One of my favourite shows to binge-watch on a Saturday night with Haagen Daz is Law & Order: Special Victims Unit. I’ve been a Law & Order fan since I was 7 years old, I used to watch the original with my father, and when I discovered SVU, I was overjoyed by the presence of a woman detective, Olivia Benson, a cynical old Jewish detective, John Munch, and a Native American detective, Chester Lake. I was hooked and it became my favourite Law & Order.
I hadn’t watched any incarnation of Law & Order in a while, when I decided to give Special Victims Unit a spin again after I figured out how to get American Netflix and downloaded the missing seasons.
As an adult and a feminist, I was a bit more aware and critical of the show. I noticed that the production values were much lower than on the original Law & Order, the plots more sensationalist and the tone more campy and preachy than I recalled as a child. But I still loved it and ate it up.
I watched the later seasons that had aired after I’d stopped paying attention to SVU, and I noticed a definite shift in some aspects of the show, some of which were great, others, I was definitely not to keen on.
The biggest positive changes in my book included several stabs at being more trans and queer friendly. Having Dr. Huang be openly gay (and played by the openly gay B.D Wong) helped greatly, and Huang often proved to be the voice of reason and compassion for a lot of issues, especially sex work, trans issues, children’s rights. There were a few episodes involving trans women that didn’t involve them being perverts or murderers (or murdered), which is a low bar to set, but that’s what the majority of television has set. I loved the inclusion of Sister Peg, a no-nonsense compassionate nun who does street involved advocacy for sex workers. I also noticed that as the seasons went on, there were a great many more interracial families portrayed, with no commentary or awkward big deals being made about them being interracial.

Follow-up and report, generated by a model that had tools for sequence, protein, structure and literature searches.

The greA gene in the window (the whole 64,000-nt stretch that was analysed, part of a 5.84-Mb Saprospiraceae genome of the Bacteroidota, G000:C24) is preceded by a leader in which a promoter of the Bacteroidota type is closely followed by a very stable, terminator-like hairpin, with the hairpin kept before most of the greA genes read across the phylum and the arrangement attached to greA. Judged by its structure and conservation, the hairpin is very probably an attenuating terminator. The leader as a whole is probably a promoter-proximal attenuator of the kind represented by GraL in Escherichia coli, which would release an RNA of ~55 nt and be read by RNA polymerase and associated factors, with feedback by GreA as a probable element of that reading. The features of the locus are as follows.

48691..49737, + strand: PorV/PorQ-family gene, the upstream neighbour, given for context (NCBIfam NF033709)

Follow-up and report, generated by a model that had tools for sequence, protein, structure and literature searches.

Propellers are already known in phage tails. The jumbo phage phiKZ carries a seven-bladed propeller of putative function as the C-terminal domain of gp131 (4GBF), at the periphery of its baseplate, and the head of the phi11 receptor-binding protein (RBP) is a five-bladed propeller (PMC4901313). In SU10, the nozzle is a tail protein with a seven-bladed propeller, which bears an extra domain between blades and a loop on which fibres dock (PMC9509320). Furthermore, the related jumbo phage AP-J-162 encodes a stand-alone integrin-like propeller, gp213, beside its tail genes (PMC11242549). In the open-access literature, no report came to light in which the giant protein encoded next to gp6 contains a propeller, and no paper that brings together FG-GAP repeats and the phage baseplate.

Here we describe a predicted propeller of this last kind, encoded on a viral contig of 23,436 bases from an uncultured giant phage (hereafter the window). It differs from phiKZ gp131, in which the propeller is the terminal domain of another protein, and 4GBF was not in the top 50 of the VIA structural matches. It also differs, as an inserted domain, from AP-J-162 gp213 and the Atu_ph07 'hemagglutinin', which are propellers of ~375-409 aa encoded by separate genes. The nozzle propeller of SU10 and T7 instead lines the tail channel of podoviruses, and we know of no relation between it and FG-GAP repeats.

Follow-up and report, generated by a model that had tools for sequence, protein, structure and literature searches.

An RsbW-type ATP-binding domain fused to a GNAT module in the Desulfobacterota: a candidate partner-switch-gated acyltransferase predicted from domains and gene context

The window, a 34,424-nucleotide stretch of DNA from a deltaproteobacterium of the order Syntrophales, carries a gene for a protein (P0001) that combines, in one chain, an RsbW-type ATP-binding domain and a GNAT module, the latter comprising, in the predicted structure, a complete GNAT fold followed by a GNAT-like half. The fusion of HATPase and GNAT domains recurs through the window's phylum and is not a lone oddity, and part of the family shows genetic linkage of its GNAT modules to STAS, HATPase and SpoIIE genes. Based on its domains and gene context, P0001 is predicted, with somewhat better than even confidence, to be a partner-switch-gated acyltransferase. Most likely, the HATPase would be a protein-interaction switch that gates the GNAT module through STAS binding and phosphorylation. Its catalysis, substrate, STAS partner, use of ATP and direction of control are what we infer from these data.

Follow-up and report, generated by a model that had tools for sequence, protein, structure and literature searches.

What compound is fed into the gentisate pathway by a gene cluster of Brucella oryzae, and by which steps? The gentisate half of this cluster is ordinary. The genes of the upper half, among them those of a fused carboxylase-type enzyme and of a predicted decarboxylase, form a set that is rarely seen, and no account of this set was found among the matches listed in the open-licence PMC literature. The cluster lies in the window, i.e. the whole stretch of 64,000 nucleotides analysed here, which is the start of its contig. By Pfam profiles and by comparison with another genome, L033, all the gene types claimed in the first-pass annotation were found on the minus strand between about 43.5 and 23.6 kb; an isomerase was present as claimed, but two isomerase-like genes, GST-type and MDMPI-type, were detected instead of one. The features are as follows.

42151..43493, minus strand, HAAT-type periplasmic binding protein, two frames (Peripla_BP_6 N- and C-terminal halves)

But the bigger changes were much more awful and much more difficult to ignore. The writers seemed to enjoy amping up the amount of suffering and tribulations that Olivia Benson in particular had to go through, but enjoying showing her pain in graphic detail. Elliot Stabler (fan nickname, “Unstabler”) who always had a violent, uncontrollable streak, became not only more physically violent, but more willing to cross the lines even with people who weren’t suspects. The greatest and most awful difference that I noticed was a huge escalation in the number of times the detectives, attorneys, and others would casually rely on the threat of prison rape in order to intimidate suspects, witnesses, and others.
I’m still watching, but I’m keeping myself confined to the older seasons. My cutoff point, my opinion of exactly when the show jumped the shark, is the episode where Elliot Stabler goes undercover as a crooked airport security employee who wishes to make extra money smuggling exotic animals (Yes, that happens).

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